A boiler explodes, shattering the silence of the night and throwing the hopeless passengers of the SS Sultana into the Mississippi River. Legally allowed to carry 376 people, the Sultana was carrying over 2,300 passengers, most of whom were Union soldiers recently released from Confederate prisons. The estimated death toll increases steadily to 1,700 or 1,800 in the worst maritime disaster in American history. Read more about it!
The information in this guide focuses on primary source materials found in the digitized historic newspapers from the digital collection Chronicling America.
The timeline below highlights important dates related to this topic and a section of this guide provides some suggested search strategies for further research in the collection.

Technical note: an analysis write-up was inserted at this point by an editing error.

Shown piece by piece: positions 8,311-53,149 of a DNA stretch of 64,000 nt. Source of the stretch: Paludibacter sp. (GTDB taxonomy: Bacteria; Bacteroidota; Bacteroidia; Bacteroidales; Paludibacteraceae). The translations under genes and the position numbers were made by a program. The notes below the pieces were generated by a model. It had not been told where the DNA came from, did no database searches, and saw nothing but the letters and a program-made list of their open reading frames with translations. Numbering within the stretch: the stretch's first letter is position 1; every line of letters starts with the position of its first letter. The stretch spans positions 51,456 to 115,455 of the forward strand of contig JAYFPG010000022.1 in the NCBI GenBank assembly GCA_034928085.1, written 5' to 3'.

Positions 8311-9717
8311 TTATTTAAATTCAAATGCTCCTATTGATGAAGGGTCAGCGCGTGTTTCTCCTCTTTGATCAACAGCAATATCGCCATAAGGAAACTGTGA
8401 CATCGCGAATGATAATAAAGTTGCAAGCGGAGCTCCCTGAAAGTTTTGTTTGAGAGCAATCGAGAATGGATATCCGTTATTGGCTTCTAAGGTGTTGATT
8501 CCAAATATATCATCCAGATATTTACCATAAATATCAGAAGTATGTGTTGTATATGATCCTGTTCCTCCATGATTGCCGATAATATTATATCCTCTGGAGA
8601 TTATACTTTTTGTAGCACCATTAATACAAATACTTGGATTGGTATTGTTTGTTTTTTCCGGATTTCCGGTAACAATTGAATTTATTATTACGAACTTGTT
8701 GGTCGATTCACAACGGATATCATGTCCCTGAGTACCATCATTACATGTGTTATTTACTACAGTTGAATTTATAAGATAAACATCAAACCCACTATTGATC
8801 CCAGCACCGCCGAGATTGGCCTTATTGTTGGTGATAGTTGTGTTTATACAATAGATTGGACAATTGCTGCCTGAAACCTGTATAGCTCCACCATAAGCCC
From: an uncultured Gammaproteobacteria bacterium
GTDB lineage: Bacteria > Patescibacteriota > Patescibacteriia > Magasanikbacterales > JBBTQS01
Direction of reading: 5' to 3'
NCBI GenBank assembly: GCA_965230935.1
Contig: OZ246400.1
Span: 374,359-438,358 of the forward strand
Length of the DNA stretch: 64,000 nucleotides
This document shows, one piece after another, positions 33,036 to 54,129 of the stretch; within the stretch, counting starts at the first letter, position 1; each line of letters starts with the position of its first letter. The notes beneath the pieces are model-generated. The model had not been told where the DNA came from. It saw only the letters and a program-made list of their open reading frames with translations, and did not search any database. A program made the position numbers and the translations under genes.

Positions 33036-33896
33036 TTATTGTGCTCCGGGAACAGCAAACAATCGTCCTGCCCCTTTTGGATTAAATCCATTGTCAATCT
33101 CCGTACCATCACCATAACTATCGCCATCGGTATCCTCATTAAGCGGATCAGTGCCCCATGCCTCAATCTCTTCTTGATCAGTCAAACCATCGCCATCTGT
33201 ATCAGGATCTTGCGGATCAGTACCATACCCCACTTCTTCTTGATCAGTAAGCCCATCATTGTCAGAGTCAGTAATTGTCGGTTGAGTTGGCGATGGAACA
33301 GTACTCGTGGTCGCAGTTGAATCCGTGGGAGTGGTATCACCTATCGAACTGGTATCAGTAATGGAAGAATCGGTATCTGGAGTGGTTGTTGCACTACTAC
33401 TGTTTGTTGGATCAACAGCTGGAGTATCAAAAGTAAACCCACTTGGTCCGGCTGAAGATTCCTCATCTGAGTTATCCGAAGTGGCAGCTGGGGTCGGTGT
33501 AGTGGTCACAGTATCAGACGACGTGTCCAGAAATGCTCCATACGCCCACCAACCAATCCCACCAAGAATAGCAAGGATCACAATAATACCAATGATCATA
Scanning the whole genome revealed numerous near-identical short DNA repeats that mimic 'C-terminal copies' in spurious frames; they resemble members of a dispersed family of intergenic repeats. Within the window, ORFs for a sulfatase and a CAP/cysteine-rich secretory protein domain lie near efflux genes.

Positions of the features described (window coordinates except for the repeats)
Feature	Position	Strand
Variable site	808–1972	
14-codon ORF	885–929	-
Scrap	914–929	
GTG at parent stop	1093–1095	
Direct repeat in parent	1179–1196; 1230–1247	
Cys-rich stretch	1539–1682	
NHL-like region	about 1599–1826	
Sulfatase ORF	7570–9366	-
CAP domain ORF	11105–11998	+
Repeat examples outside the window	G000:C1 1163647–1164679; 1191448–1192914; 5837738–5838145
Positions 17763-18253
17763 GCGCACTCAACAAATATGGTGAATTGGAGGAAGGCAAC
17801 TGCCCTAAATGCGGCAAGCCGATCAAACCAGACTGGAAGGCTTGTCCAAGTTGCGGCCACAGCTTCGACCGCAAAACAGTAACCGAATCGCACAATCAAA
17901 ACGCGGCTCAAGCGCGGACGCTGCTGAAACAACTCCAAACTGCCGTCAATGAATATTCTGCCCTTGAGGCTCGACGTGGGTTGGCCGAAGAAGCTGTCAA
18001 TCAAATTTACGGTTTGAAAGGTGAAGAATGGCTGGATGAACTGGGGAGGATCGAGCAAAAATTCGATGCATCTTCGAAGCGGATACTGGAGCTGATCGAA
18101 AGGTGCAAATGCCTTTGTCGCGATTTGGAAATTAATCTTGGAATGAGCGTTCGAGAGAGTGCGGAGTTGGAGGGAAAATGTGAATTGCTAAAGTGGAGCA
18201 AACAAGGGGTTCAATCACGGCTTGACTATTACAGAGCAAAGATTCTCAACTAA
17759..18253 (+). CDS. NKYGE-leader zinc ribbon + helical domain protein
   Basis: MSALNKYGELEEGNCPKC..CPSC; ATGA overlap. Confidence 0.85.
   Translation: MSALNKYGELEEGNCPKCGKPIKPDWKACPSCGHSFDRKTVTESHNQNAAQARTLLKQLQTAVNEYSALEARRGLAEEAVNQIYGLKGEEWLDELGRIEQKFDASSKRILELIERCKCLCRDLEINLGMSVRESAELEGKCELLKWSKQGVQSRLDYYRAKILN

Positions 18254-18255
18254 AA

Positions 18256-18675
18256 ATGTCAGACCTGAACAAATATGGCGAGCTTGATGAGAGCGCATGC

|April 21, 1865||The SS Sultana, commissioned to transport paroled Union troops leaves New Orleans.|
|April 26, 1865||The Sultana arrives in Vicksburg, where one of the boilers undergoes repairs. The ship takes on over 2,200 Union troops.|
|April 27, 1865||A boiler explosion devastates the Sultana. Newspaper estimates vary from 1,400 to 1,700 dead. Others later die from their injuries adding to the death toll.|
|May 1865||Bodies of those killed in the Sultana disaster continue to be found for weeks after the disaster as they drift downstream and eventually come ashore.|
|January 1866||The court martial of Captain Fredric Speed for his role in overcrowding the Sultana begins.|